• Advance genuine change that meets the needs of all Americans of every faith, affinity, color, gender, social standing, ethnicity, sexual orientation, native born, and immigrant,
  • Advocate for the emotional and mental wellbeing of children whether they may American, Palestinian, or Israeli,
  • Support long lasting just peace among Palestinians and Israelis, and
  • Bridge and elevate the level of understanding between Americans and Palestinians.

***American Palestinian Women’s Association is a non profit, non-political, secular, tax-exempt, registered organization. APWA was established in 2004 by concerned American Palestinian women in the Washington, DC Metropolitan Area (DC, VA, MD).

For more information contact:

Save the Date: APWA’s Annual Interfaith Iftar

4 Apr

We are American Palestinian women who give voice to Palestinian women. Since inception, we have dedicated every dollar we raise to help Palestinian children as well as American children in our midst such as the homeless youth and the children of the Navajo people. Throughout, our aim is to raise awareness about the plight of the Palestinian people and those in need at home. This year our Interfaith Iftar event will focus on the predicament of the Palestinian children refugees. It is our Hope you will attend our May 5th interfaith Iftar event.

Happy Easter

3 Apr

This Easter, Palestinian Christians honor Jesus who was born in Bethlehem and sacrificed himself for the oppressed, sick, injured, imprisoned, and poor. They will draw comfort from the words he said of those who like them (Luke 6) struggle under considerable hardships to protect their families, children, life, and livelihood, and work to achieve justice and peace.

 “Blessed are they that mourn for they shall be 
  Blessed are you when people hate you, when they 
  exclude you,insult you and reject your name as evil
  Blessed are they that hunger and thirst after 
  righteousness for they shall be satisfied. 
  Blessed are the peacemakers for they shall be called
  sons of God.
  Blessed are they that have been persecuted for 
  righteousness'sake for theirs is the kingdom of heaven” 
  (Luke 6).
            Happy Easter to one and All!

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Holy Week: The Central Event that Defines the Palestinian Christian Experience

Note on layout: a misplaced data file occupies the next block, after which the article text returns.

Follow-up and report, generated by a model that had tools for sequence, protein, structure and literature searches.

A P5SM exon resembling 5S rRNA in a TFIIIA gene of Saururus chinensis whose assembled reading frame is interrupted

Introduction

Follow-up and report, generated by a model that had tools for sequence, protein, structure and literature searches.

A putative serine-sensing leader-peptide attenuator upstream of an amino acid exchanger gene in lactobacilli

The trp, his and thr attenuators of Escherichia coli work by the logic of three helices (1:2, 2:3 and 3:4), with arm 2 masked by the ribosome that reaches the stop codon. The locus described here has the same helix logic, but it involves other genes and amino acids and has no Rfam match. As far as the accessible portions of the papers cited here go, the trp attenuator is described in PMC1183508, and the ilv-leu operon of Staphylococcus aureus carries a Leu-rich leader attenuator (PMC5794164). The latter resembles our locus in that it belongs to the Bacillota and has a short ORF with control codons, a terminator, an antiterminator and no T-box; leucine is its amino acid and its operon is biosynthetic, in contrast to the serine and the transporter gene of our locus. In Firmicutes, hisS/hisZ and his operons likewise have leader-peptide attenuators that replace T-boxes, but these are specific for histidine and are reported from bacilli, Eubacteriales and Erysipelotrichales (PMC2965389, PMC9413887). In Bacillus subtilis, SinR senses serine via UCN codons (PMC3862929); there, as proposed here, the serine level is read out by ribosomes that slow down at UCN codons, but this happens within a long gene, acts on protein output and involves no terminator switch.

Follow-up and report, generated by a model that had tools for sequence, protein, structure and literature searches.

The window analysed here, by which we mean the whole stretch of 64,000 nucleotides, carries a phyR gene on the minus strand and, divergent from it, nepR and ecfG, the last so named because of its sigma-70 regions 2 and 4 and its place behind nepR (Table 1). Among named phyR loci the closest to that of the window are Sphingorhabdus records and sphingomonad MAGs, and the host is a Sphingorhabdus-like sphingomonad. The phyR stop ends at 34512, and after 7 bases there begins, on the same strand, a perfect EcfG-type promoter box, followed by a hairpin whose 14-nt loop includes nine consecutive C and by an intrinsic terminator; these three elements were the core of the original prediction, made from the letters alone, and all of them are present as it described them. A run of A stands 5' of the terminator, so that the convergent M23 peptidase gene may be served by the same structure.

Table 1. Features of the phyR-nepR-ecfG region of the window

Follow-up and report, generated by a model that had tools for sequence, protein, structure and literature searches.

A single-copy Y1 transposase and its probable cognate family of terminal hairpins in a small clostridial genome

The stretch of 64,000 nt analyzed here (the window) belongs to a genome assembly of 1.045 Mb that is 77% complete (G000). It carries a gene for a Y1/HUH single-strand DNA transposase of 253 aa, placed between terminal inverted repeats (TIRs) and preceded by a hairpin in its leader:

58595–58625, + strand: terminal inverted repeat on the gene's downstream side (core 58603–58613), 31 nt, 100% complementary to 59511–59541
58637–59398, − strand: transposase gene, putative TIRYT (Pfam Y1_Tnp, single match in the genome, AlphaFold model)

30 Mar

Holy Week is the quintessential Palestinian Christian experience. The vast majority of Christians relate to Holy Week in the abstract, however, for the Palestinian Christians it marks the intrinsic and central event that defines their history, character, and organic relationship to their faith and daily struggles. It is their unique and uninterrupted faith experience that has continued for more than 1,500 years. For Palestinians, Holy Week is an annual commemoration of faith, hope, and hardships that is observed and passed from mother to daughter and father to son.

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mai abdul rahman March 2021

Palestinians are the living stones of uninterrupted generations of Christians. They are linked in faith and lineage to the very first Christians. They are the Palestinian Jews who chose to follow Jesus, and to date continue to suffer the consequences of their conversion. For them, Holy Week is the central event that defines their ancestral connection to their faith. It marks their history and organic relationship to their faith and struggles. For them, Holy Week, is the most significant event that reaffirms their faith and commitment to remain faithful to Jesus’s just path.

Holy Week is the Central faith experience that connects Palestinian Christians to their past, present and future, and the quintessential cornerstone of their faith. Palm Sunday marks the beginning of Holy Week and concludes on Easter Sunday.

Two thousand years ago, Jesus rode on a donkey into Jerusalem for his last meal with his friends and faced his deceivers and trial. Palestinians follow the same route that Jesus took to Jerusalem and contemplate their organic experience and unique narrative that connects them to the very first Christians and ancestors who lived through and witnessed the countless biblical accounts that speak of Jesus and the heavy cross he carried during his last Journey to Jerusalem. And they still carry.

During Holy week Palestinians retell the story of Jesus’ sabeel (Arabic for way or path) at the oldest standing churches in Christendom (Bethlehem, Gaza, Jerusalem, Nablus, Ramallah, Jenin, Taibeh, Tabarieh, Arabe’, Beit Sahour, and Beit Jala). In supplication they link their struggles to the difficulties that Jesus Christ faced from birth until his last journey into Jerusalem. They will recount how Jesus entered their cherished and tortured Jerusalem greeted by a loving crowd who waved and covered his path with palm branches. They will also recount the joys their ancestors before them experienced, and pray for the peaceful end of the innumerable hardships they daily confront.


This week, Palestinians with an Israeli permit will march on foot and waddle through Israel’s Separation Wall, checkpoints, and soldiers while carrying and waving their Palm fronds and olive branches.